Synonyms: beef, blow off, break wind, cut one loose, cut the cheese, flatulate, guff, have gas, let one rip, pass gas, pass wind, poot, step on a duck, step on a frog, toot, blown bowel bugle, trouser cough, See also
noun: {{en-noun}} {{listen}}
  1. (informal) An emission of digestive gases from the anus; a flatus. {{defdate}}
    • {{RQ:Flr Mntgn Essays}}, II.12: Metrocles somewhat indiscreetly, as he was disputing in his Schole, in presence of his auditory, let a fart, for shame whereof he afterwards kept his house and could not be drawen abroad{{nb...}}.
  2. (colloquial, vulgar) An irritating person; a fool.
  3. (colloquial, vulgar, potentially offensive) (usually as "old fart") An elderly person; especially one perceived to hold old-fashioned views.
Synonyms: barking spider, bottom burp , flatus, fluffer-doodle, air biscuit, poot, raspberry tart (Cockney rhyming slang), toot, beef, See also
anagrams:
  • frat
  • raft
  • RTFA
  • traf, TRAF
fart about
verb: {{en-verb}}
  1. (slang) To waste time, or to fool about.
Synonyms: fart around, fool around
fart around
verb: {{en-verb}}
  1. (slang) To waste time, or to fool about.
Synonyms: fart about, fool around
fart-arse
noun: {{en-noun}}
  1. (British, slang, derogatory) A generic term of insult.
verb: {{en-verb}}
  1. (British, slang) To waste time or opportunities; to dawdle.
    • 2008, , Falling Sideways, Orbit books, ISBN 1-84149-110-1, p. 24: No good fartarsing about, …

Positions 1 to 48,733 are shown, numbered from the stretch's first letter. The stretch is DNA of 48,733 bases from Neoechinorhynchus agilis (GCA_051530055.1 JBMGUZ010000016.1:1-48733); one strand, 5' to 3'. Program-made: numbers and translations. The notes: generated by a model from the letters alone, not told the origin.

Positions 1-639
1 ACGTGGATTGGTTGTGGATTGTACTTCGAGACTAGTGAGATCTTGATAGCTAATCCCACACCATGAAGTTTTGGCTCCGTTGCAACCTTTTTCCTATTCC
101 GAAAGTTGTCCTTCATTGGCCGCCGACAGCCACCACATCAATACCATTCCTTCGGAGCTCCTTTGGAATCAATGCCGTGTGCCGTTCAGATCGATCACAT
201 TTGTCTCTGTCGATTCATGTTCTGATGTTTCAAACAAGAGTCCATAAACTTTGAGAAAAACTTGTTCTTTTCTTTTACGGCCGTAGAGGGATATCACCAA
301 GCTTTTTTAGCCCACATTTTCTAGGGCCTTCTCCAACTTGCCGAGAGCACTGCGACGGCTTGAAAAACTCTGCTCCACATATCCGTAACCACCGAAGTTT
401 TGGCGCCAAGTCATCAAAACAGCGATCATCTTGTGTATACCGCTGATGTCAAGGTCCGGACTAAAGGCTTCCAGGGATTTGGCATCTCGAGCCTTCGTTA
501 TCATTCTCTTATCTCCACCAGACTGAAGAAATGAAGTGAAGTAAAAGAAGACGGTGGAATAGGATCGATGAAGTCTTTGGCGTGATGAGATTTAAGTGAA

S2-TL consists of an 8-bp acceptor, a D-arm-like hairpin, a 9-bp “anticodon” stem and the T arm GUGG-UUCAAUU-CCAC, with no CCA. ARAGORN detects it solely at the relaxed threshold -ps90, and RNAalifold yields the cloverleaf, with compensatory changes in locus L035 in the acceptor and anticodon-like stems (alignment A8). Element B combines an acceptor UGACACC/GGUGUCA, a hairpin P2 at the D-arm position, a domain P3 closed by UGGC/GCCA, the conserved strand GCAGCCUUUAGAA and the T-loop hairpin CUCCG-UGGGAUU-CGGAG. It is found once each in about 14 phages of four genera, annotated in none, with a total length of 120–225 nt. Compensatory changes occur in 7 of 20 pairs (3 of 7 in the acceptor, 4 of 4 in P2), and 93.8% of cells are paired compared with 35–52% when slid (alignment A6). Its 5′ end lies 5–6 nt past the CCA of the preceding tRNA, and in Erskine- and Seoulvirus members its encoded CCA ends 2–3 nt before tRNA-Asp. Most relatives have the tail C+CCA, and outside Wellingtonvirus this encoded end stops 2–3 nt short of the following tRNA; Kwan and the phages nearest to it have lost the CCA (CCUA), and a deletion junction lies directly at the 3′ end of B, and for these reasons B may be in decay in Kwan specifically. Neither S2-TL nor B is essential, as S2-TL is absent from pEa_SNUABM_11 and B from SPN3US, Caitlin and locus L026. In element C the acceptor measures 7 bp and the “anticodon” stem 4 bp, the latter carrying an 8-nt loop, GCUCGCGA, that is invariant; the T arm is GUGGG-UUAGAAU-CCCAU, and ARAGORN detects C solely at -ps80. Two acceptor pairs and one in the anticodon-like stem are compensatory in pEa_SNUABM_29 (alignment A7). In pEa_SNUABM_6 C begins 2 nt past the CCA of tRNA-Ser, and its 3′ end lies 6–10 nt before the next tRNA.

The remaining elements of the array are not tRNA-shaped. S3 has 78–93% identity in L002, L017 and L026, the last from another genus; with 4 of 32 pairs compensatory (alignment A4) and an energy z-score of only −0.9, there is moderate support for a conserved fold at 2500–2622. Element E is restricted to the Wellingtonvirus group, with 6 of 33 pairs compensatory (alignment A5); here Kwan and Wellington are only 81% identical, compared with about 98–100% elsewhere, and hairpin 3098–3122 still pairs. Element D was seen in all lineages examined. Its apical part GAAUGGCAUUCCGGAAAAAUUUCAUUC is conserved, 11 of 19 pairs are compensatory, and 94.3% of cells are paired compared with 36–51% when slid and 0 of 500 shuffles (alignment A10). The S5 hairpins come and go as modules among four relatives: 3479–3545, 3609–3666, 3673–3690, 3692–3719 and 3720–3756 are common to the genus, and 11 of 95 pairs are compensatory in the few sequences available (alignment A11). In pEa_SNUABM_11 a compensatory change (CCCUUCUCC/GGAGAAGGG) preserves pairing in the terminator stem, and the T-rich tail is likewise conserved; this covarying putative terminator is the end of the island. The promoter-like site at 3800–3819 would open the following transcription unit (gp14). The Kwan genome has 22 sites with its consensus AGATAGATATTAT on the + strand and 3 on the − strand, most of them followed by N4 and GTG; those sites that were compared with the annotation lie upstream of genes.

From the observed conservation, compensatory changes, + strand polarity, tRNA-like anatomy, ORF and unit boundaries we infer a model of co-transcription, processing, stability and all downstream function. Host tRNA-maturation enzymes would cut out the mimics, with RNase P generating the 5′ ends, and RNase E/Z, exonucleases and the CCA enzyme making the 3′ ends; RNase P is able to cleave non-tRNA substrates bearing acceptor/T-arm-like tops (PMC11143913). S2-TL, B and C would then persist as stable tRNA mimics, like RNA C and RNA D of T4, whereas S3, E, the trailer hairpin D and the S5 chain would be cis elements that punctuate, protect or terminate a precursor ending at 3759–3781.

• 2009 May 29, , "Terry Campese's made it on own merits," : For the last couple of years, the coaches at the Raiders have never given him much of a chance. They've been fart-arsing him around.
farthead etymology fart + head
noun: {{en-noun}}
  1. (slang, pejorative) an imbecile
fartknocker Alternative forms: fart knocker, fart-knocker etymology fart + knocker
noun: {{en-noun}}
  1. (slang, derogatory) A contemptible or annoying person.
    • 1971, Nolan Porterfield, A Way of Knowing: A Novel, Harper's Magazine Press, page 112: He ran off, laughing and screaming. Dud jumped up and gave chase. "You little fart knocker," he said, clomping away, long-legged, into the dark. "Bring back here my Hubert Terrapins."
    • August 1974, Larry L. King, “Redneck!”, Texas Monthly, vol. 2, no. 8, p. 63: Well, alright, dammit, I don’t like hearing the little fartknocker cry neither.
    • 1997, Emily Toth, Ms. Mentor's Impeccable Advice for Women in Academia, University of Pennsylvania Press (1997), ISBN 0812215664, page 34: {{…}} Conversely, “What are you racist fartknockers doing about your piss-ant legislature?” won't get you hired at a state university.)
    • 2000, Dorothy Garlock, After the Parade, Warner Books (2000), ISBN 9780446548779, unnumbered page: “Some no-good fart-knocker is out there beatin' up on a woman. {{…}}
    • 2013, Hilary Fields, Bliss, Redhook Orbit (2013), ISBN 9780316277341, unnumbered page: “Well, then, why have none of you worthless fart knockers seen fit to fetch her lazy arse? …